Back to top

Extension IPM: Second Century of Boots on the Ground

Printer-friendly version
Sonia Schloemann discusses rasperries at Powisett Farm, Dover, MA

Since its beginnings early in the twentieth century, UMass Extension has always brought new methods, new research, information and best practices to farmers across Massachusetts. Today, UMass Extension continues this tradition by reaching out, finding and training growers across the Commonwealth about methods in Integrated Pest Management (IPM). In the spirit of educating farmers whose boots are quite literally “on the ground,” the trainings take the form of a personal program with strong hands-on face-to-face opportunities for learning, not too different from the “old-fashioned” Extension work for which Mass. Agricultural College (“Mass Aggie,” the predecessor of UMass Amherst) and what was originally called the Massachusetts Cooperative Extension Service were well-known in their early days. IPM is an effective, environmentally friendly approach to pest management that relies on a combination of commonsense practices: pests are managed through prevention, avoidance, monitoring and suppression.

UMass faculty and staff involved with this on-farm Extension IPM training include Extension’s vegetable team (with Ruth Hazzard, Rich Bonanno, Katie Campbell-Nelson, Susan Scheufele and Lisa McKeag) and its fruit team (with Hilary Sandler, Sonia Schloemann, Arthur Tuttle and John Clements). The teams regularly visit about 14 farms a year across the state from May through September.

A major component of the training is to “scout” for pests, training growers to set traps, and use forecasting models and on-farm weather stations to determine appropriate treatments. Scouting programs entail UMass faculty and staff visiting farms and training farmers on both tried-and-true and new scouting methods. Growers are also given nutrient management assistance  through lab analysis of soil and tissue samples and then through farm specific recommendations on amending their soil in order to produce the healthiest plants while avoiding nutrient leaching.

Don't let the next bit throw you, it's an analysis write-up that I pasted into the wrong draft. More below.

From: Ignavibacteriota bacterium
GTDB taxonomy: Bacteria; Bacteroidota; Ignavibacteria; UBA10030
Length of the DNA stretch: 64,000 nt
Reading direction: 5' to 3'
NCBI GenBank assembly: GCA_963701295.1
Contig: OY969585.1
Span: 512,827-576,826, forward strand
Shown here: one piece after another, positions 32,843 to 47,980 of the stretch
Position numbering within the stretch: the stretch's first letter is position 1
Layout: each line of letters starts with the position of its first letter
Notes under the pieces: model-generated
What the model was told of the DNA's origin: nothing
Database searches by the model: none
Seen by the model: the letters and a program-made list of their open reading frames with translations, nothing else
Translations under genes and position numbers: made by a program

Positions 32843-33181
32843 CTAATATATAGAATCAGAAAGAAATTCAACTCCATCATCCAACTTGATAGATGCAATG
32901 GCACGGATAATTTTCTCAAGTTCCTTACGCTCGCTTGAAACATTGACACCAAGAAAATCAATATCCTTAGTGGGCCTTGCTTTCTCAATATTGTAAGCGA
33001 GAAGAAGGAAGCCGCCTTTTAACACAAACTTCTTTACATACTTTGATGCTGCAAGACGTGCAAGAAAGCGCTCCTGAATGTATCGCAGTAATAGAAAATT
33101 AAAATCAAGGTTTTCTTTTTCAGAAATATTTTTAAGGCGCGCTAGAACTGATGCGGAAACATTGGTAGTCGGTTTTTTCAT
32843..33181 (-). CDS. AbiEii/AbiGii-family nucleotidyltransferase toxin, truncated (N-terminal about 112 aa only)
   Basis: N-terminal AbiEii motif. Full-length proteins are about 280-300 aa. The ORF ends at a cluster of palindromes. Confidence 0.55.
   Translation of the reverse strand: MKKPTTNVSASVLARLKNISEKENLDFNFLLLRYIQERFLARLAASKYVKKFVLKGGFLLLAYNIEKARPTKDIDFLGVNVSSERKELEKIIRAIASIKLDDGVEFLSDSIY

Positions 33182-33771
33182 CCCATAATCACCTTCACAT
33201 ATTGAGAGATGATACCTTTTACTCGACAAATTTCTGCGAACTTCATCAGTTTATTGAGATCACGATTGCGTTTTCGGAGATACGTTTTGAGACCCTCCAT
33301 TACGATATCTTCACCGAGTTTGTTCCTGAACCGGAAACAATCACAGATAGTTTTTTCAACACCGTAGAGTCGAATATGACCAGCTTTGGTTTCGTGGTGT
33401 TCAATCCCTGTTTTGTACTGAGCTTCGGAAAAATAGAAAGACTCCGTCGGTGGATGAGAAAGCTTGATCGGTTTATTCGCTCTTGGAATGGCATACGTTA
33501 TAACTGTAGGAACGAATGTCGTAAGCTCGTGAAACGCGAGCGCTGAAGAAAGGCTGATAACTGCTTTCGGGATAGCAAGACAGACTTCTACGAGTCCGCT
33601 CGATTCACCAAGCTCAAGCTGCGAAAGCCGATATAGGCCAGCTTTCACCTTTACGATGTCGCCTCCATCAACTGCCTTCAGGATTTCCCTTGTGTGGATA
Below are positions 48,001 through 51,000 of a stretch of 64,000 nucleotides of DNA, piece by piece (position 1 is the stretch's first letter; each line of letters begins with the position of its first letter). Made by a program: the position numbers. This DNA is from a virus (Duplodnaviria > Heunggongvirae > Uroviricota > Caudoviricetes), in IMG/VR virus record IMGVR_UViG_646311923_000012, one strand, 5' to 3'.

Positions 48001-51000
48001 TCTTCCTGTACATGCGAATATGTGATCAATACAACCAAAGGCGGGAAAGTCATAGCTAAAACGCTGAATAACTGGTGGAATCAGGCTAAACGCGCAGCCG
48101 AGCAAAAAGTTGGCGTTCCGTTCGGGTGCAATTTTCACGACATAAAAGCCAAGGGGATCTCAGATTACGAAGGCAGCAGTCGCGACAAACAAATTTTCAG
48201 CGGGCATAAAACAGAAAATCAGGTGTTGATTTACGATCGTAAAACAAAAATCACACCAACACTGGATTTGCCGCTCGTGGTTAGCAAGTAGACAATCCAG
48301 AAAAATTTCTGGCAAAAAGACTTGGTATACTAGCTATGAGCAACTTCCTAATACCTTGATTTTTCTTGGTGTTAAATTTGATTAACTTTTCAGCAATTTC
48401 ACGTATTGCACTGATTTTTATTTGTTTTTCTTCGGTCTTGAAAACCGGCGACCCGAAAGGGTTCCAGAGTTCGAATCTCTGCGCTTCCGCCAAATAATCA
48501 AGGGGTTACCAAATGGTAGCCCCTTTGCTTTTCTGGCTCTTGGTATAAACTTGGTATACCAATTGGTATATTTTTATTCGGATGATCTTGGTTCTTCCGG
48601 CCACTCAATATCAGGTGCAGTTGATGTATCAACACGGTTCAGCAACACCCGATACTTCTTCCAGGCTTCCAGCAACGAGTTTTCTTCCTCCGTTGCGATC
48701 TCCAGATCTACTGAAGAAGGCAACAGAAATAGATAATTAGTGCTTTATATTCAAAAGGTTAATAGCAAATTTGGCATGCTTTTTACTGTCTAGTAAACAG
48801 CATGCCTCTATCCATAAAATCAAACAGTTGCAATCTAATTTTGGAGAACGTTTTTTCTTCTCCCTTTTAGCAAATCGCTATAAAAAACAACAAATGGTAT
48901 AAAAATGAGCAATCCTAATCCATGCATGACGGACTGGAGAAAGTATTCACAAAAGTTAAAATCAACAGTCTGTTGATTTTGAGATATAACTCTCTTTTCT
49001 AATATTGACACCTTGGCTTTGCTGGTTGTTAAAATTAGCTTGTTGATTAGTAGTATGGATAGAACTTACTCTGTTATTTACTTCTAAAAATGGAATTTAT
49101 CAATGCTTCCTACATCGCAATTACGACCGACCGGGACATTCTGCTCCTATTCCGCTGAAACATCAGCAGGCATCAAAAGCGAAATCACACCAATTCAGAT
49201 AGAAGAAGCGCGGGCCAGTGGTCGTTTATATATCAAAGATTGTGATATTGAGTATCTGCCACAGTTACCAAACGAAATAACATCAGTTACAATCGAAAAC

Participation is solicited across the state through notices in newsletters, relevant publications and by word of mouth. Specific agreements for farmer participation include a willingness to meet every two weeks on farm and they must be amenable to hosting a Field Walk  or Twilight Meeting on their farm. In return, farmers receive training through this program, free of charge. One particular focus of the two teams’ efforts is to reach beginning farmers.

Throughout the program, UMass faculty and staff are able to assist growers with many of the challenges they experience on their farms. The learning often involves ways to decrease pesticide use as well as methods to institute organic controls effectively such as through correct sprayer calibration.

Field trials are conducted on-farm or at a University research farm to provide growers with more information. For example, several farms have participated in a biocontrol trial to manage the Mexican Bean Beetle by introducing the pediobious wasp that parasitizes larvae of Mexican Bean beetle, thereby ridding the farmer of a pest without using chemicals. Sonia Schloemann, Extension educator with expertise in fruit crops, shows farmers how to construct simple traps to monitor Spotted Wing Drosophila (a recently-introduced species of fruit fly).  This species is particularly damaging because it has serrated ovipositors that can lay eggs in even unripe fruit leading to crop losses.

Evaluations of this program have been overwhelmingly positive. Comments from participants include: “Overall this season I have appreciated the time you took to walk around the fields with me to focus on pest and disease control. You took the time and supported a culture of learning on the farm,” “I have learned that with bacterial disease, I still have to take steps to stop it from becoming established in seed,” and “Now I spray by education, not by panic or intuition.”

This program is supported by a USDA “specialty crops” grant. The funding was first received in 2010-2013 and has been renewed for 2014-2016.  The project in 2010-2013 included funding for bedbug research and the tick diagnostic lab as well as fruit and vegetable team IPM training on farms.  The 2014-2016 funds are for the fruit and vegetable teams focusing on diversified fruit and vegetable farms common to Massachusetts.

Related Images: 
Sonia Schloemann discussing raspberries at Powisett Farm, Dover, MA
Sprayer calibration demonstration for organic growers
Scouting for pests at Flatts Mentor Farm
Scouting cucurbits at Waltham Fields Community Farm
Katie Campbell-Nelson with garlic